Public Workforce

Targeting Public-Sector Unions

Manhattan Institute scholar Fred Siegel has spent much of his career studying the decline of American cities. What he sees in New York now is,...
by | March 1, 2010

Manhattan Institute scholar Fred Siegel has spent much of his career studying the decline of American cities. What he sees in New York now is, he says, "Madison's nightmare, government by a single faction." That faction, in Siegel's opinion, is the state's public-sector unions.

"Legislative government in New York is broken down," says Siegel bluntly. He marvels at the way in which union representatives openly huddled with legislative leaders to kill a plan to expand charter schools in the last legislative session. "The Legislature has come to be understood as an extension of the public-sector unions on anything that matters to it." The result of this virtual takeover, he says, has been a surge in unsustainable spending - and not just in New York.

"Illinois is insolvent, New Jersey is virtually insolvent, and we all know about California," Siegel says. "This is not a local problem. The question of the power of public-sector unions is not going to go away."

Siegel isn't an isolated critic. Barry Bluestone, the dean of Northeastern University's public policy school, grew up in a union family. His father was the right-hand man of legendary United Auto Workers (UAW) leader Walter Reuther, and Bluestone worked summers on a UAW assembly line. Yet he worries about the impression that unions today exist only to benefit their members.

"I think that change from solidarity with everyone to just solidarity with their own members is leading to a precarious position for public employee unions in many states throughout the country," says Bluestone.

State and local government officials who once deferred to politically powerful unions are increasingly taking note - and taking aim at traditional union benefits. Last summer, Illinois Gov. Pat Quinn threatened the state's largest public-sector union with the prospect of 2,600 layoffs unless it acceded to new demands for cost savings. In New Jersey, newly elected Gov. Chris Christie has come out swinging, with blistering attacks on the state's dominant teacher union. Moral outrage has played an important role in this process. Boston-area newspapers reveled in the story of a firefighter who, just weeks after being declared "totally and permanently disabled," placed eighth in a men's bodybuilding contest. Californians have been treated to lists of California Public Employees' Retirement System "$100,000 Club," a group that, according to investigative journalist Ed Mendel, includes 6,133 people.

With both fiscal necessity and moral indignation filling their sails, conservatives have seized the moment to argue that radical changes in state and local governments' relationships with public-sector unions are overdue. A recent article in The Economist captured the emerging conventional wisdom: "Public-sector workers are spoiled rotten," wrote the anonymous correspondent, citing their overly generous wages and excessively generous compensation packages. The prescription was straightforward: Cut wages and benefits, and most importantly, move away from generous "defined benefit" pension plans and toward "defined contribution" plans that now dominate the private sector.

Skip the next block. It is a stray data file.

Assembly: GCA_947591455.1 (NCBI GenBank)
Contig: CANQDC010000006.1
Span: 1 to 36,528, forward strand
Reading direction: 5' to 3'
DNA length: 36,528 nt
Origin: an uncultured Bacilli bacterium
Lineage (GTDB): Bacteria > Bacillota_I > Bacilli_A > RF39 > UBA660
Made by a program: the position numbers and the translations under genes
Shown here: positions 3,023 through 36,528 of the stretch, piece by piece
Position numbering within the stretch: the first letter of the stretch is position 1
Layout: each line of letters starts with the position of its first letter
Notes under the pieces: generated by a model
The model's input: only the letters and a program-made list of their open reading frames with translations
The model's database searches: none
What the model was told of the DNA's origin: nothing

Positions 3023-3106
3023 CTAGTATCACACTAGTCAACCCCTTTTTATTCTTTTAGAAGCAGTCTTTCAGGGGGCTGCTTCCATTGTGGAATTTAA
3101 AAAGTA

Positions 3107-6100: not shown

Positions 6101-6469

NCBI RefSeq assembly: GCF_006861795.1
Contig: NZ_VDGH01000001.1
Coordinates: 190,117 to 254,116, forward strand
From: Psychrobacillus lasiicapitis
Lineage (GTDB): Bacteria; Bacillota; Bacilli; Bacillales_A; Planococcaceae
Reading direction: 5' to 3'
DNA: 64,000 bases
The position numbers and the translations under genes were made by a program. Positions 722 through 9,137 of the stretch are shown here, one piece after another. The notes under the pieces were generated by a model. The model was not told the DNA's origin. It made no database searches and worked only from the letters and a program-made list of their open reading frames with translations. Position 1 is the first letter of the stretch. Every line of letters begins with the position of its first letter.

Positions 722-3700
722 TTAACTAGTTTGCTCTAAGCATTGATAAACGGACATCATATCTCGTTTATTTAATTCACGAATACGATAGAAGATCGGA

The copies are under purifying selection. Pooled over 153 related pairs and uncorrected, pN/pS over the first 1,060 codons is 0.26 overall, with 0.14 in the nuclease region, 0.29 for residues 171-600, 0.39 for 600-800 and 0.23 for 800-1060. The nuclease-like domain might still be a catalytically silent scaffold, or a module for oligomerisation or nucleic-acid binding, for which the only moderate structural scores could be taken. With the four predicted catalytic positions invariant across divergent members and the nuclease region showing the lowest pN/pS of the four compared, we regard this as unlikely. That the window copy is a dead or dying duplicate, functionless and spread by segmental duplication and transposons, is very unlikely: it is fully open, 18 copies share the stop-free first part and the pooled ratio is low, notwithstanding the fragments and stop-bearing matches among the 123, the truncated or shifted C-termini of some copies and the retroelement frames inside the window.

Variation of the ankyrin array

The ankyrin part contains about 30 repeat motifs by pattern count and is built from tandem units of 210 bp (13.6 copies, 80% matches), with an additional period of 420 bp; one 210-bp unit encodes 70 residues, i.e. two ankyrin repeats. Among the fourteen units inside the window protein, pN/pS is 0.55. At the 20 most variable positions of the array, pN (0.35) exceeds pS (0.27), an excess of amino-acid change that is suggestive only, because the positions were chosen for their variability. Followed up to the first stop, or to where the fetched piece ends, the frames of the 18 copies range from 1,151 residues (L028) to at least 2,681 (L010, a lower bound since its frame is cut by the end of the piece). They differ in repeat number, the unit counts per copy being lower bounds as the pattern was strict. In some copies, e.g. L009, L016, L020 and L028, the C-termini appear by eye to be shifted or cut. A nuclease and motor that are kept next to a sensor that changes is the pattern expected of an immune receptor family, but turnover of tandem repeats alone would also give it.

Not surprisingly, unions strongly disagree with such critiques. "Our members are certainly not coddled," says Kerry Korpi, director of the Research and Collective Bargaining Department for the American Federation of State, County and Municipal Employees (AFSCME), the country's largest public-sector union. Korpi makes no apologies for the fact that most AFSCME members who spend their careers working for state and local governments have health insurance and a pension - typically in the low $20,000 per year range. "If that's the definition of 'spoiled rotten' in our culture, then more people ought to be spoiled rotten."

Certain facts are indisputable. Unionized workers now account for 40 percent of state and local government's work force - as opposed to a mere 7.2 percent of the private-sector work force. As a result, cutting personnel costs at the state and local government levels means taking on unions. That doesn't mean it's time for the public sector to follow the lead of the private sector. In fact, the prescriptions being peddled to public-sector leaders would come with some dangerous side effects.

The first item on the brief against public-sector unions is that they're overpaid. According to the U.S. Bureau of Labor Statistics, public-sector employees earn $908 a week on average - 22 percent more than their private-sector counterparts, who bring in a mere $710 a week. As a result, some union critics believe there are opportunities for governments to squeeze the wages of unionized workers.